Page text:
A former McHenry Villa resident is suing the senior living center and several other companies, after she said she was exposed to dangerous bacteria and hospitalized for Legionnaires' disease in 2018.
Jean Marie Spears is seeking more than $50,000 in money damages from McHenry Villa Independent Senior Living Community and the company that manages the property, Health Dimensions Consulting, Inc. Also named as defendants in the suit are Midwest Chlorinating and Testing Inc.; Midwest Heating and Air Conditioning; McHenry Excavating Inc.; and McHenry Plumbing Inc.
"We care deeply about the well-being of everyone who lives and works at McHenry Villa Independent Senior Living Community," McHenry Villa Executive Director Amanda Young said. "We have not been served, nor received any legal documents or information regarding this matter. Therefore, we are unable to comment at this time."
The lawsuit, filed with the McHenry County Circuit Clerk's Office Friday, did not appear to have been served to any of the defendants as of Tuesday afternoon. Representatives from Health Dimensions Group, McHenry Excavating, McHenry Heating and Air and McHenry Plumbing all declined to comment, citing ongoing litigation and insurance disputes.
Midwest Chlorinating and Testing Inc. could not be reached for comment Tuesday. Spears' attorney, Stephen J. Smalling, also could not be reached Tuesday.
Legionnaires’ disease is a serious lung infection that often is contracted by breathing in small droplets of water containing legionella bacteria, according to the Illinois Department of Public Health. The bacteria normally grow best in warm water environments and are more likely to affect people older than 50 years old.
Most people contract the disease by inhaling mist or vapor from a contaminated water source, according to the Illinois Department of Public Health. It is not contracted by drinking contaminated water and does not spread by person-to-person contact.
According to a 23-page civil complaint, each of the named companies helped perform repairs or collected water samples for testing after a water main service pipe burst in McHenry Villa's basement on Sept. 3, 2018.
The burst caused flooding and led to the evacuation of McHenry Villa residents, many of whom are more than 65 years old, according to the lawsuit.
Spears alleges in the lawsuit that she was exposed to the legionella bacteria sometime during her return to McHenry Villa between October and November 2018. As a result, Spears suffered serious injury, pain and suffering and incurred continuing medical expenses, according to the lawsuit.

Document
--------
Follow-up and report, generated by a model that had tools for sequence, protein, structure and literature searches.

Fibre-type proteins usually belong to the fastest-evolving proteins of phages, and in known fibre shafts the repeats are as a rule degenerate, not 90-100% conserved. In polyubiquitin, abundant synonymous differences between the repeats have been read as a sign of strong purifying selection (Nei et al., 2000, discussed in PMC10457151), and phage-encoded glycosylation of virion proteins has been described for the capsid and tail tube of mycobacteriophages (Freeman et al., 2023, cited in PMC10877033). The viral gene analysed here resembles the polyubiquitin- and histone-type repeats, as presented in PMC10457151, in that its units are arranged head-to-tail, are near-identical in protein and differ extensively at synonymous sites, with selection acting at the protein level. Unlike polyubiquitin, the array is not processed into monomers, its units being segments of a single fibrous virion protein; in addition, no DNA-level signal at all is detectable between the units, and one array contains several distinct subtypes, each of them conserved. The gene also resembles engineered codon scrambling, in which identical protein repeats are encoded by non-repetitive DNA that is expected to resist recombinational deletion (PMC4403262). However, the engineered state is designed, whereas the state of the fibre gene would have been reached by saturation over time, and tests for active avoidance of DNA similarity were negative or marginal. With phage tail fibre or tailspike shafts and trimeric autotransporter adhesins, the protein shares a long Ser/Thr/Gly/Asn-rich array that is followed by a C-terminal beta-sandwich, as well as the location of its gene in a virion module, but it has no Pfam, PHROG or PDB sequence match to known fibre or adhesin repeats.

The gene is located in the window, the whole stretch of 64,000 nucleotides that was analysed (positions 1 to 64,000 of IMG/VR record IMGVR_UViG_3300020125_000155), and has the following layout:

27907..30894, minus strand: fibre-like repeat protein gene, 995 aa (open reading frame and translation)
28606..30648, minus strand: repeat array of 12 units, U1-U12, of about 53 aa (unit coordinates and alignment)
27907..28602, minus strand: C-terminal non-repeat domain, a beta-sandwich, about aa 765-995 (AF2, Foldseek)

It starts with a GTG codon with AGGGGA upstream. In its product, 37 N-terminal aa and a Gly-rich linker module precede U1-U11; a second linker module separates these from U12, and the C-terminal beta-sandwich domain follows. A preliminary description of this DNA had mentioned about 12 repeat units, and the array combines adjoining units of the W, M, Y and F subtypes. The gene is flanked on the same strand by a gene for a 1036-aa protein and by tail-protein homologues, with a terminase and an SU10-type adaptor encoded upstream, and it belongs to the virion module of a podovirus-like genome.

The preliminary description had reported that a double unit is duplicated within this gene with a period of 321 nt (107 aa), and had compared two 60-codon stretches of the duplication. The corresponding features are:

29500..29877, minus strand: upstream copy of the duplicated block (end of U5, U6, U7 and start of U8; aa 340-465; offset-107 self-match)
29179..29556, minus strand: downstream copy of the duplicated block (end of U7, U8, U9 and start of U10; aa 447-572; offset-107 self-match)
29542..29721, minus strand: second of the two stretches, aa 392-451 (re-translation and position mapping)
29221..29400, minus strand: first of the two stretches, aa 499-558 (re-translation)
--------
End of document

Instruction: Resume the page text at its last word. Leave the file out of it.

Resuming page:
The Illinois Department of Public Health investigated an outbreak of Legionnaires' disease at McHenry Villa in 2018 after three residents were confirmed to have contracted the disease, the department announced at the time. The department subsequently sent a notice of violation to McHenry Villa, located at 3516 Waukegan Road, regarding the “structural issues” with its plumbing system.
A McHenry County Department of Health spokeswoman said she could not confirm that Spears was among those to have contracted Legionnaires' disease during this outbreak because of patient privacy.
In her complaint, Spears accuses the villa, its management company, and each of the service providers of failing to take appropriate measures to prevent the spread of bacteria. Those measures include maintaining proper water temperatures and biocide levels and the timely use of prevention methods such as chlorine flushing, according to the lawsuit.
They're also accused of failing to remove dead-end piping throughout the property, including in Spears' room, and failing to protect the water distribution system against back-flow.
"On Oct. 3, 2018, McHenry Plumbing Inc. performed work at McHenry Villa, including the removal of plumbing drains, noting that they were 100% clogged with debris and ran water through drains that were not rodded," according to the civil complaint.
Between September and November, laborers performed work on the property's drains, replaced water heaters, tanks and repaired water lines, according to the lawsuit.
When Spears returned to McHenry Villa, however, the bacteria wasn't properly eradicated, causing her to "inhale dangerous aerosolized water vapor contaminated with legionella bacteria," according to the lawsuit.
Illinois was home to 612 laboratory confirmed cases of Legionnaires' disease in 2019, according to the Illinois Department of Public Health. Of those, 43 cases were fatal and 569 patients survived.